Post # 1
I’m getting my rings appraised tomorrow and I’m worried it will be less than we think they should be.
Anyone here have theirs appraise for less?
(my Fiance already had the solitare but we got the setting and wedding ring at a well known jewlery store. I’m scared that he paid too much.)
There was a similar diamond at the store same size color and clarity and I saw the price but I know how stores upsale.
Sorry just freaking out a little. I’m good at that now days. LOL
Post # 3
I’m pretty sure mine was appriased for more..like $1000. I wouldn’t be too worried about it! You should be fine!
Post # 4
We got my rings and stone at a chain store and I worried that we’d paid too much also. It was appraised for almost $2000 more than we paid for it though.
Post # 5
I’ve never actually heard of a ring appraising for less than what it was bought for. Stones are marked up, but appraisals are even worse in the mark up department, or good I supposed depending on if you ever have to claim lost or theft.
Post # 6
Sometimes places won’t appraise things they didn’t sell/create. Our jeweler appraised my ring at about $700 more. Not sure what someone else would say tho.
Post # 7
I really doubt it will appraise for less, even if you think he paid too much. Mine appraised for $4,000 more at least.
Post # 8
Yeah I doubt it will appraise for less.
Post # 9
Thanks bee’s. Yeah He told me this morning that they always appraise jewlery high and not to worry. Whew…now I only have 9999 things to worry about! LOL
Post # 10
The appraisal will come back higher 99.9% of the time, because it’s usually for insurance purposes and they base it on the Retail Value of the ring, not the actual price that was paid. They call it the “replacement value,” but basically they know it’s not going to cost you $9k to replace a ring that was $5500. They say it’s because that’s what it could cost to replace it, but I think it’s just so they can charge more for the insurance, to be honest. The higher the cost of the ring that’s being insured, the more they can charge for premiums and deductable… Sad but true.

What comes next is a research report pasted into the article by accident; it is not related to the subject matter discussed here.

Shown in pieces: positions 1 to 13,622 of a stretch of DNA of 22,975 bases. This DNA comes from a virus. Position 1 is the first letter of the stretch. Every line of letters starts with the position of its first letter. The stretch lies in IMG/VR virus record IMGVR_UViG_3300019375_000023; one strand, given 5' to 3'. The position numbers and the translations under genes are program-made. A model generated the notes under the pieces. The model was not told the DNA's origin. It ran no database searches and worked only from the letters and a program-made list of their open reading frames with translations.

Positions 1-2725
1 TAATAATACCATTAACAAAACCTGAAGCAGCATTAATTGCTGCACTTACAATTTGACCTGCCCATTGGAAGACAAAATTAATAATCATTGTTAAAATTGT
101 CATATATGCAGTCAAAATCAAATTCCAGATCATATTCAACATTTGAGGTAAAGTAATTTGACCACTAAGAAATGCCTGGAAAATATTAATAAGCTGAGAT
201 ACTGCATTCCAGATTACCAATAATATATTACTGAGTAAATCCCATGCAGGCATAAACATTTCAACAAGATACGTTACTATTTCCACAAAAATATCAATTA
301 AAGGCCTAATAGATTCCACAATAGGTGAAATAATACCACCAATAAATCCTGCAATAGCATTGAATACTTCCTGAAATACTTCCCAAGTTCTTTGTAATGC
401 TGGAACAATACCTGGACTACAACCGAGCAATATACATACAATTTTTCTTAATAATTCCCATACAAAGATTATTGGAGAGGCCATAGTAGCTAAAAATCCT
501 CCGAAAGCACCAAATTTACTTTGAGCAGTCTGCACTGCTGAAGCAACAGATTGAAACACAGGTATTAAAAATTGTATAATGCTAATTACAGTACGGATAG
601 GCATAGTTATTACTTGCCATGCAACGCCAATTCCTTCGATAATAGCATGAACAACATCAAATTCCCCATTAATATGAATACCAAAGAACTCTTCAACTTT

Post # 11
Appraisals work the opposite of how most people think. Jewelry will always appraise high because that is what insurance companies (or private jewelers who will also insure) will base your payments off of. So of course they want a high value–it means you will pay more for the insurance. But he amount it appraises for is not what they will refund you if it needs to be replaced. They will refund you the exact amount you paid for it. (You can purchase replacement insurance which will replace your stone/ring with a stone/ring of equal stats. In which case you will probably get more money than you originally paid considering the appreciation of gold and diamonds. But you will pay more for replacement insurance than regular insurance.)
Post # 12
Mine appraised for more, about 3k more.
Post # 13
Mine appraised for double, I think it’s normal that they appraise for more.
Post # 14
I think you should be fine. It will apraise at what you paid or more in most cases.
Post # 15
mine appraised for about 1/3 less than what he paid, and they pointed out all these flaws we didn’t notice before. my SO kicked himself very hard for it. I reassured him that I love my ring and he got over it. (note: this was an antique ring, so that might make a big difference when buying and appraising.)
we don’t think of this ring as an investment, it’s a sentimental gift that I will wear forever and will never try to sell, so we don’t really care what the dollar value is. (we wouldn’t have gotten the appraisal at all, but our insurance company made us do it.) I did write a scathing review of the jeweler who sold it to us though, shame on them for not pointing out the flaws to my SO when he bought it.
Post # 16
I definitely agree with seven12! Most places high-ball your appraisal for insurance purposes. It’s unfortunate, but it’s like most types of insurance. Just like the home insurance people tell you your $250,000 home is worth $400,000 so that you pay a higher insurance premium. Unfortunately, if something actually happened to your home, they’d give you the $250,000 and call it a day. Same thing with jewelry.